‘What’s cooking?’

The weekly burden; the dreaded food shop. Children race down the aisles, you can’t find the beansprouts and somehow your ‘£30 shop’ has totalled £67.92. It’s a routine most of us are all too familiar with, but the costings of the weekly shop effect some more than others.

It seems that free-from products are far from free. The hefty price tag that attaches itself to allergen-free products can burn a large hole in the consumer’s pocket; often indicating that a simple £5 recipe can be three, or four times more expensive when made with allergen-free products.

To put our research to the test, we decided to make allergen-free pancakes As a cows milk alternative, we used almond milk, as an egg substitute we used flaxseed powder and as a plain flour alternative we used gluten-free flour. This recipe should have cost an approximate £4, but when made with allergen-free products it came in at over £11.

The Food Allergy Institute of North Texas expresses that the production process “requires strict vigilance”:

“Manufacturers must use dedicated single-source ingredient suppliers who do all parts of production. This includes: growing, harvesting, milling, and packaging. Dedicated assembly lines and equipment must also meet strict guidelines.”

Many families and sufferers are experiencing food insecurity when it comes to stocking the shelves every week. Brittany Thorpe, mother of three says that the cost of living with allergies limits her disposable income:

“My husband and six year old son both have anaphylactic allergies, so we fill our cupboards very carefully. Our whole family eats according to their dietary restrictions while in the house. It’s the only way I keep things relatively ‘fair’.” Brittany explains, “So, our kids will burn through the £3.99,175g free-from cookies in less than a third of the time than the £3.56, 515g Chips Ahoy cookies.”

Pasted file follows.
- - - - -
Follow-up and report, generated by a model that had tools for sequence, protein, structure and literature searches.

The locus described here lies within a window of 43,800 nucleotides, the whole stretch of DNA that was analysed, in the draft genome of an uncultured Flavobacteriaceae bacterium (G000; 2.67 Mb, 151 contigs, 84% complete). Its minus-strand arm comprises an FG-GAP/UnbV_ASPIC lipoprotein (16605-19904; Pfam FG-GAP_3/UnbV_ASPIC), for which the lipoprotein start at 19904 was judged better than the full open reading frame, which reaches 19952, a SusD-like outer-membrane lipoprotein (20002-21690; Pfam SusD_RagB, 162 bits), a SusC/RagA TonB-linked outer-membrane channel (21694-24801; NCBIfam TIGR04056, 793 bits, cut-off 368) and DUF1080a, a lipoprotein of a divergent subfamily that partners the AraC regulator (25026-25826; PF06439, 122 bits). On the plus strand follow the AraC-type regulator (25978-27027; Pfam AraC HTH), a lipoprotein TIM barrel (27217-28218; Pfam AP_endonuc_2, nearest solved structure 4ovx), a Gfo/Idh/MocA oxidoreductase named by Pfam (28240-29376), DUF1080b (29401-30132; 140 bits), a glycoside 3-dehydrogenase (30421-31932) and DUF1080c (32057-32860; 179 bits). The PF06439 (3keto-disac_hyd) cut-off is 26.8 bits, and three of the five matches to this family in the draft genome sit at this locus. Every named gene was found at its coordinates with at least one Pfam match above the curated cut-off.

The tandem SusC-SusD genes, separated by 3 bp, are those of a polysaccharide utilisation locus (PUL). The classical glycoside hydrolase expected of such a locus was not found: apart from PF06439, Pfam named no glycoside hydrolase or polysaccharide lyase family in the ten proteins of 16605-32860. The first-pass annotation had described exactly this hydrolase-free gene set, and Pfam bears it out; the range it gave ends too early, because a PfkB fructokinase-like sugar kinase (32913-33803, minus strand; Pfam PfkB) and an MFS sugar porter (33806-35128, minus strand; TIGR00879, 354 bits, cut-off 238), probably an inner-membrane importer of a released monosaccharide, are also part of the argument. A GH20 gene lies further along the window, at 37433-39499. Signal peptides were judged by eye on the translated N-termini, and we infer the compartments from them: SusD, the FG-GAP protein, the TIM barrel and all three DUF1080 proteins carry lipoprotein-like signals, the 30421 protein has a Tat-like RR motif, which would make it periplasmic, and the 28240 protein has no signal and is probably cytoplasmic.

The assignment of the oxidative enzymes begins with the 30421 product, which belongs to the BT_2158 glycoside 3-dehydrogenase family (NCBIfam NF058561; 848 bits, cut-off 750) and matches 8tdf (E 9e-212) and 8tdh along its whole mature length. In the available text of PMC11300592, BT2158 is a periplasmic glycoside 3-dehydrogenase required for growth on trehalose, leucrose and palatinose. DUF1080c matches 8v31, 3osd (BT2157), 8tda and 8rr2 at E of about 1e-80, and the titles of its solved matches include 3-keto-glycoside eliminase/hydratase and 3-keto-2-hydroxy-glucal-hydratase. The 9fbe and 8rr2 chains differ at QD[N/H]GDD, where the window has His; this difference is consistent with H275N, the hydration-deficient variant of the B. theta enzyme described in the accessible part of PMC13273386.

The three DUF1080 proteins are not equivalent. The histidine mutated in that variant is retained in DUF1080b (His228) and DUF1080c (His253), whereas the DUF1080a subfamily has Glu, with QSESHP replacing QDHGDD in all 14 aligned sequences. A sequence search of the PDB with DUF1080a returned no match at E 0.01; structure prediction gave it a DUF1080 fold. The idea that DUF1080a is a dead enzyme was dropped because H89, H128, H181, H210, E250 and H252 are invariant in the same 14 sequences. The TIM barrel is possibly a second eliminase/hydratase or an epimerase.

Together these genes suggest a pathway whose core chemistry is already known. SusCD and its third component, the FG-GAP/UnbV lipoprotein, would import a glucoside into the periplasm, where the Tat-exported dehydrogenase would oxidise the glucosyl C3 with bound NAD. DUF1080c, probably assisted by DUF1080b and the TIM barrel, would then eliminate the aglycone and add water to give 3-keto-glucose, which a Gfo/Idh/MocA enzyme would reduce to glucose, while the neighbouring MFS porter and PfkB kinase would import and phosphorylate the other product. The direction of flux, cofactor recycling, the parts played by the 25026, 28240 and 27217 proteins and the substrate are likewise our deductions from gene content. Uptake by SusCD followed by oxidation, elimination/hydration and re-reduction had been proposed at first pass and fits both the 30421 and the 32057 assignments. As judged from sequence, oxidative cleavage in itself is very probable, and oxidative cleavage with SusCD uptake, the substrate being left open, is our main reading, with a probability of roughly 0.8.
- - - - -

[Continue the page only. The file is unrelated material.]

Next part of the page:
Although the rise of free-from products hitting the supermarket shelves is a triumph for food allergy sufferers, it’s not all blue skies yet. Not only is the costing of products restricting, but to find a hybrid product that combines a lifestyle choice with an allergen-free item is even harder.

As food allergens are on the rise, those making the choice to be Vegan, Organic or Halal are too. To source products that can satisfy this need is made harder in the already rigorous production process. If it didn’t seem that the lifestyle restrictions surrounding an allergy were already troublesome – the extension to peoples religious beliefs and personal views have been thrown into the mix.

Christine Rowden developed an allergy to eggs at the age of 40. At the age of 22, Christine committed to being a Vegetarian. Her diet was dramatically restricted once again:

“It was a nightmare. I had to balance a choice that I made years ago with an allergy I didn’t choose.” Christine sighed, “Explaining to people you’re allergic to eggs and you’re Vegetarian is difficult. It’s another reason for them to ‘roll their eyes’ at my allergy.”

Sadly, the rise of food allergies isn’t enough. The price of allergen-free products would only decrease if there’s a rise in food allergy sufferers. The more consumers requiring free-from products, the higher the demand. Therefore, lower costs.

But, for now, it’s just the way the cookie crumbles.

If you would like information or support regarding an allergy, please contact AllergyUK on 01322 619898. Alternatively, you can visit their website: http://www.allergyuk.org